Rick Nielsen believed that two necks for a guitar wasn’t enough, so he made one with five necks. The Hamer 5-neck is a guitar with one 12-string neck, three 6-string necks, and one six-string neck with no frets, with 5 necks and 36 strings in total. He thought that using one guitar with five necks is more practical than stacking five guitars just to perform his intense solo on stage.
If 36 strings are too many for you already, fret not until you hear about the invention of Carlos Roberto Michelutti, a guitar with a whopping 49 strings! His craft has three necks, two of which are fretted. It has movable bridges on specific portions of the strings and has the capability to choose which parts of the string to vibrate. It is akin to the guitar of John Paul Jones of Led Zeppelin, but instead of a harp-guitar, it is a classic guitar.
Here’s a video of the unbelievable 49-string guitar, because we know you’re probably curious:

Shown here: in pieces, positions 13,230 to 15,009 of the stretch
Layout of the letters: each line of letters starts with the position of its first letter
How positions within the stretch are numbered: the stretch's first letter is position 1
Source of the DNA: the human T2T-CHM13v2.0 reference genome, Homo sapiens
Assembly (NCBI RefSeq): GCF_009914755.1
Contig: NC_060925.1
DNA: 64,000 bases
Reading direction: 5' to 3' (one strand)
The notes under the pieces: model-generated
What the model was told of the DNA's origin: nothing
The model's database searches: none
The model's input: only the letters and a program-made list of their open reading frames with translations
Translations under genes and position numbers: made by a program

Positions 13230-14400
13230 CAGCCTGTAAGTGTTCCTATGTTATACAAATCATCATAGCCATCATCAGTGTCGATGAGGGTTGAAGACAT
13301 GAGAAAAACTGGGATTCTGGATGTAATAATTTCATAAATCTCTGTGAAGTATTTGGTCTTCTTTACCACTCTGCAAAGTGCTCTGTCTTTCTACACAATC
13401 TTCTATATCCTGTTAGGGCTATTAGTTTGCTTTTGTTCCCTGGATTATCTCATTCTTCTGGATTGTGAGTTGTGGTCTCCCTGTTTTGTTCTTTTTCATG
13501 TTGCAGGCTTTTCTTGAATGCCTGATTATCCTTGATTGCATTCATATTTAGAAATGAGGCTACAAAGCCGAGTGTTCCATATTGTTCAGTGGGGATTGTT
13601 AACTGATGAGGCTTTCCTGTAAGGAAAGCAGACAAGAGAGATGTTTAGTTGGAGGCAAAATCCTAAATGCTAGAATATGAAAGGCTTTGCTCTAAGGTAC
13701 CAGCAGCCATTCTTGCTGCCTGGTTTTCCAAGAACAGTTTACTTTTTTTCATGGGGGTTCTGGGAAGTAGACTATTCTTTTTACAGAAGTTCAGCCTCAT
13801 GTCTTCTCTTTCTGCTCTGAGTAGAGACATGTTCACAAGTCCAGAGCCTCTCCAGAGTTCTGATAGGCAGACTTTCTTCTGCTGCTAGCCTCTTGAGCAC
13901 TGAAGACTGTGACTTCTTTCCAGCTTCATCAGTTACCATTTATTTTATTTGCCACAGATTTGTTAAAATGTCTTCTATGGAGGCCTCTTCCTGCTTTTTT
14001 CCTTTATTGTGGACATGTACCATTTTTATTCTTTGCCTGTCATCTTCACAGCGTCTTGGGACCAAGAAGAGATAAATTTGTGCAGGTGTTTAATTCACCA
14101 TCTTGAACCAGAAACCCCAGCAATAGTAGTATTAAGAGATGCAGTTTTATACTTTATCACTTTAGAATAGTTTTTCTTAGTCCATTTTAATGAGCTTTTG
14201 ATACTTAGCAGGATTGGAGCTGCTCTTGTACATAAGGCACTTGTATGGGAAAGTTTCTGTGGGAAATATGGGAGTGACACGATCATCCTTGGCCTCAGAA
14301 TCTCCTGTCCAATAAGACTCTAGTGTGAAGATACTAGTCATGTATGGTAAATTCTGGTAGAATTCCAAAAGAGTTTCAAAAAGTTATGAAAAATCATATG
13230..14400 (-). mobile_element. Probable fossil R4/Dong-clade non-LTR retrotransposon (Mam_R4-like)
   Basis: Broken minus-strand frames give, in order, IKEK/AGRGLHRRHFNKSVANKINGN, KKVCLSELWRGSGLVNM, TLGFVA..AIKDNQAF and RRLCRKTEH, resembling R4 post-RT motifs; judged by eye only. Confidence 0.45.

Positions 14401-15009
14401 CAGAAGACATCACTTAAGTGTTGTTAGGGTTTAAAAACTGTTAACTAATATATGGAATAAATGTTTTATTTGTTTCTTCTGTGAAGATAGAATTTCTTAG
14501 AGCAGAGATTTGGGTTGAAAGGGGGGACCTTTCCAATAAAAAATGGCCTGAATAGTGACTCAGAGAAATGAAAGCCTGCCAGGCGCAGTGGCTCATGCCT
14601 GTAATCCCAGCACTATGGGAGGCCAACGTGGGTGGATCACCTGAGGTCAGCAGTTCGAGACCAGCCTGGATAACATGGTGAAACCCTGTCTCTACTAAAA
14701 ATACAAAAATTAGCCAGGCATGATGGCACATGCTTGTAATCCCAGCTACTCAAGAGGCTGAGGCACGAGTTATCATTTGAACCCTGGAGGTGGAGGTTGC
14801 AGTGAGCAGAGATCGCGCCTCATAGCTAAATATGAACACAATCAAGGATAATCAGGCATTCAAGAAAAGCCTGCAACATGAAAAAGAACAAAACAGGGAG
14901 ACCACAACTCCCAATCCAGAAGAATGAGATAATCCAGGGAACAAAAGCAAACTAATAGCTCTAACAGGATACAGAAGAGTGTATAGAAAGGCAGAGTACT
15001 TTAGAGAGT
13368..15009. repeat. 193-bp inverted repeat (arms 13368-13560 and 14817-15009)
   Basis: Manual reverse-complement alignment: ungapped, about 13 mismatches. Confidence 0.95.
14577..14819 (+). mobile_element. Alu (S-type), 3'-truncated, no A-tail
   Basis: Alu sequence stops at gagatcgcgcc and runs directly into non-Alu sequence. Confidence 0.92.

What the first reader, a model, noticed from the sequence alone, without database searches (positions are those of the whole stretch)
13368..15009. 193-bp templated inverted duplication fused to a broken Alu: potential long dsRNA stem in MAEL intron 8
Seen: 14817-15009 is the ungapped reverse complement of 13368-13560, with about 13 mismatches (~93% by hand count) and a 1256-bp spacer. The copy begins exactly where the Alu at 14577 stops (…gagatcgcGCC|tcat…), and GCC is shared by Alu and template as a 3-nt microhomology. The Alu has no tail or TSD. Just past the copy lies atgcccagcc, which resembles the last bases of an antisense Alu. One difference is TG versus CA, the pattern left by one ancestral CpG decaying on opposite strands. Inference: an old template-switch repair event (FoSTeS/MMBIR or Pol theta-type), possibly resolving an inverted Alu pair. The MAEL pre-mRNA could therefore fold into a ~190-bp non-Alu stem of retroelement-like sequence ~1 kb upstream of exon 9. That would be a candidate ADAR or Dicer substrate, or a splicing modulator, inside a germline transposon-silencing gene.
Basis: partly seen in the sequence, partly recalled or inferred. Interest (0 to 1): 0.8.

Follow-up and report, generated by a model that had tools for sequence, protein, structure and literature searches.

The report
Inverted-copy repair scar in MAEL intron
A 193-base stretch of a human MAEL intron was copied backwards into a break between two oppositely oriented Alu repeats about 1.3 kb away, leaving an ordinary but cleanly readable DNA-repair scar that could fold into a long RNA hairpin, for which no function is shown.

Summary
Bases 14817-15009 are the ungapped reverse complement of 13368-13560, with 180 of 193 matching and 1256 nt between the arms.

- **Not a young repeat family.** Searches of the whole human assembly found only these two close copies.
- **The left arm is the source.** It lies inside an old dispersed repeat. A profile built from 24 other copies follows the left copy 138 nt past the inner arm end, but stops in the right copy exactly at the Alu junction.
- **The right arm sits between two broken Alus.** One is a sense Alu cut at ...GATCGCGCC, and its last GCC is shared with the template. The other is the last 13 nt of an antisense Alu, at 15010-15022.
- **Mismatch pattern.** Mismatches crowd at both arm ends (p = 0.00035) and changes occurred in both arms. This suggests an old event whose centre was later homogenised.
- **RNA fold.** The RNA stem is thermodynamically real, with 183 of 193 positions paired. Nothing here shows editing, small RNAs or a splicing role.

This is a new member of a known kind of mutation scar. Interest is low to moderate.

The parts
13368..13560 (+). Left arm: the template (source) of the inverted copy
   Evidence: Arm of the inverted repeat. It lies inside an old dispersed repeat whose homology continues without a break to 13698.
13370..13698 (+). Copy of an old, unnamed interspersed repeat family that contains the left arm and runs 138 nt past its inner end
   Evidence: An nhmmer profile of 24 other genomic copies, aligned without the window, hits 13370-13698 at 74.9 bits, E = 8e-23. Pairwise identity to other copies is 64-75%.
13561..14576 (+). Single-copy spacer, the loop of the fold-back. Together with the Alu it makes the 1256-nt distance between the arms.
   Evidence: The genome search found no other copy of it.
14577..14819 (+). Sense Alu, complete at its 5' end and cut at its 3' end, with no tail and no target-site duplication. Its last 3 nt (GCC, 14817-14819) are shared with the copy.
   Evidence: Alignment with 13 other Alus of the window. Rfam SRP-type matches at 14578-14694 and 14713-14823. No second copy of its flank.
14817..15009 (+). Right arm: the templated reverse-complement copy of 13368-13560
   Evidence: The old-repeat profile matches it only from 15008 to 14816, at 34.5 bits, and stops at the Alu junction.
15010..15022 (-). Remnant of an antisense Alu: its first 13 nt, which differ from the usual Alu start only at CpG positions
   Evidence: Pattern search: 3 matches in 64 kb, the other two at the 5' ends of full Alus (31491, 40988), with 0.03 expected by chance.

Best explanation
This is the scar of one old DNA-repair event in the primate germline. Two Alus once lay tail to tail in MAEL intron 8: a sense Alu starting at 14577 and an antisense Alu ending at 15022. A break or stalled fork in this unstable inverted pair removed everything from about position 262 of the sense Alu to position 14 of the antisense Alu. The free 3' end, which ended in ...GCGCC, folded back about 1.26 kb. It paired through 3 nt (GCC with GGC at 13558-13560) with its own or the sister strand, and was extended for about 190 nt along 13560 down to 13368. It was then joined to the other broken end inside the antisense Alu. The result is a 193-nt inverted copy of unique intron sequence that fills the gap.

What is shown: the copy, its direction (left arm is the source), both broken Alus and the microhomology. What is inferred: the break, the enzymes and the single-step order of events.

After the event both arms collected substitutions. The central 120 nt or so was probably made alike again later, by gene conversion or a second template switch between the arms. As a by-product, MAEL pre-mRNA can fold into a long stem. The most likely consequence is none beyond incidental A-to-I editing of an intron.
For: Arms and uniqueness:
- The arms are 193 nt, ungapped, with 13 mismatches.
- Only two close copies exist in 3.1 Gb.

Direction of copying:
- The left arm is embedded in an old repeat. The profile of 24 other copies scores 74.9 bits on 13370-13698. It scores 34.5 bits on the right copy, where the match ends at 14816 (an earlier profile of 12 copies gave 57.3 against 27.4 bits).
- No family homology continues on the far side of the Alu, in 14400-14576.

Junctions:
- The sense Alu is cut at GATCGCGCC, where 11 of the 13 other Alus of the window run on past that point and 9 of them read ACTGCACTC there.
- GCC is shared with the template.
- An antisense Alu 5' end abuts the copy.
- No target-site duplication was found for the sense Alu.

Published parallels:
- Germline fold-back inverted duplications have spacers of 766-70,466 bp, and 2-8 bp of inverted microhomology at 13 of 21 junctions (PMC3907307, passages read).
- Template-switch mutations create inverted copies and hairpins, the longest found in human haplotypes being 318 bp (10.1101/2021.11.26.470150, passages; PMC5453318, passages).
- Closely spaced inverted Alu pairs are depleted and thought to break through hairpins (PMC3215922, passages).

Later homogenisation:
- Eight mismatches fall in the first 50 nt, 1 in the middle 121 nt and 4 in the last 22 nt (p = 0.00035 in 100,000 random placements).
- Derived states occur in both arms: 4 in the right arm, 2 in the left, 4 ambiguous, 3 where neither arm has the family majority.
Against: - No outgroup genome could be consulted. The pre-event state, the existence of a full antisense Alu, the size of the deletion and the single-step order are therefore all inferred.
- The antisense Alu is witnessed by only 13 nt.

Defying the Convention: Final Thoughts
Guitar, by definition, is not limited to only the conventional six strings. As desire for musical innovation intensifies, new customized guitars with varying string configurations are invented. Whether for convenience to play notes easier or for the mere jaw-dropping glamor, it brings, as long as the number of strings works for you, there is no issue. From 4 to 49, wield the instrument that you feel is destined to be held by you.
Joyce Ann graduated with a Bachelor of Arts degree in Mass Communication and Media Studies at New Era University. She especially enjoyed her journalism class and was nominated for Photojournalist of the Year. Joyce Anne loves music; she is a self-taught piano player. When she's not writing (or baking or watching documentaries), she's probably playing songs on the piano, mostly by ear.